Sunday, October 30, 2016

More Insights from the Global Patient Registry

More Insights from the Global Patient Registry
by Hilary Lagerwey 

Last year we shared some statistics gleaned from the data provided by FPIES families across the globe. The Global Patient Registry  is a platform to collect information such as medical history, family history, and specific symptoms. The purpose behind this data repository is to both help families glean some insights into this rare disease and also give researchers some direction so that the whole FPIES community can learn more. The information you all have already provided is invaluable and we are always looking for more people to take the surveys.

In our last report we examined what FPIES looks like so this year we decided to focus on medical and family history. Although no one knows exactly what causes FPIES, data such as this can possibly help further our collective understanding.

As you look through this data for yourself, it is important to note that these are informational survey’s and not collected in the same ways as other types of research such as a scientific study. The data comes from volunteer respondents and all of the information is patient/caregiver reported. Some families might be more likely than others to participate in the survey, and while this means the numbers here may skew towards the more severe and more protracted cases, we feel it is still important to give a voice to this group of FPIES patients. The more data we have the more we can learn and share with researchers. In sharing this information and analysis, our intent is not to present these statistics as conclusions, but as starting points for a discussion amongst the community. This article is just the beginning of these conversations!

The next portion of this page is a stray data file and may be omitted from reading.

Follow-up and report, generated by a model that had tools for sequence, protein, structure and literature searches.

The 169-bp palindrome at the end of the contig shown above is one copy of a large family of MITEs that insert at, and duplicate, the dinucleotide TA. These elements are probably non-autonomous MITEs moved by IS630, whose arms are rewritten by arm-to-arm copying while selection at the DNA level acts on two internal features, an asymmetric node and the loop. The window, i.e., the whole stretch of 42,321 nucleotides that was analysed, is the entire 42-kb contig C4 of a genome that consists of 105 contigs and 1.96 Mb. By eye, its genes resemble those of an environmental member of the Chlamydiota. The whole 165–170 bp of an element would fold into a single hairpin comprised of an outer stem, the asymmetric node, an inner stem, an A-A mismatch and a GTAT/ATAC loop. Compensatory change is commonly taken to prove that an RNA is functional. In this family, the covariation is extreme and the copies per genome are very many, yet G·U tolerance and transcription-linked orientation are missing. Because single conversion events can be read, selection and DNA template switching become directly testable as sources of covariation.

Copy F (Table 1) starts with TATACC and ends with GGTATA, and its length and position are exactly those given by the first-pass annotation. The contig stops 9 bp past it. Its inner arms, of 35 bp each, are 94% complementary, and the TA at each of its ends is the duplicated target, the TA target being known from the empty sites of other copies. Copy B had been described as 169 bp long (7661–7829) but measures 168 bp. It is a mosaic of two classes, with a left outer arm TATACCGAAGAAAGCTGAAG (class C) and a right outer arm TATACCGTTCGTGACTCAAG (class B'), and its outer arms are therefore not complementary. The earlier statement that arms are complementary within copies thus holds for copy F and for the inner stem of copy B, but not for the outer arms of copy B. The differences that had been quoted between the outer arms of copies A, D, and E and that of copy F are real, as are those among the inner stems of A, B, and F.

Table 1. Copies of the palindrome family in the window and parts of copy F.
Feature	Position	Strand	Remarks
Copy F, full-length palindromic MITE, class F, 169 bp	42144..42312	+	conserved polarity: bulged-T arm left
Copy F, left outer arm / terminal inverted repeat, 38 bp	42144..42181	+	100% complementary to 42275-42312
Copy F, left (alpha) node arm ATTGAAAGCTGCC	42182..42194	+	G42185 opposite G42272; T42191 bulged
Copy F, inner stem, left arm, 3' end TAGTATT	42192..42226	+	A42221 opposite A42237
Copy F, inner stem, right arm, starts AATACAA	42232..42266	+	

When looking at statistics like this for a certain sub-population, in this case FPIES patients, it is most useful if you have a number to compare that to in the general population. For some of these numbers we do have a reasonable idea of how FPIES patients compare to the general population, and for some of these numbers we know less.

Again, keeping in mind that these are survey responses and not a specific scientific study, this information does not support the idea that birth circumstances (C-section births or prematurity) play a strong role in the development of FPIES. The percentages of C-section births and premature births are slightly lower for the FPIES population than the general U.S. population. (Note that this isn’t an examination of whether those numbers are statistically significantly lower, but they certainly aren’t dramatically higher.)
Looking at first degree relatives of FPIES patients (parents and siblings) can help get an idea of whether FPIES tends to cluster in families. Unfortunately at this time the prevalence of FPIES in the general population is not known so we have nothing to directly compare these numbers to, but as awareness spreads and research continues, perhaps we will soon know more about the overall prevalence. If we assume the population prevalence is less than 1 in 10 then this data might suggest a tendency for FPIES to cluster in families. The next question to ask would be does that clustering indicate a genetic component, or some sort of shared environmental factor such as the microbiome, or a combination of those factors?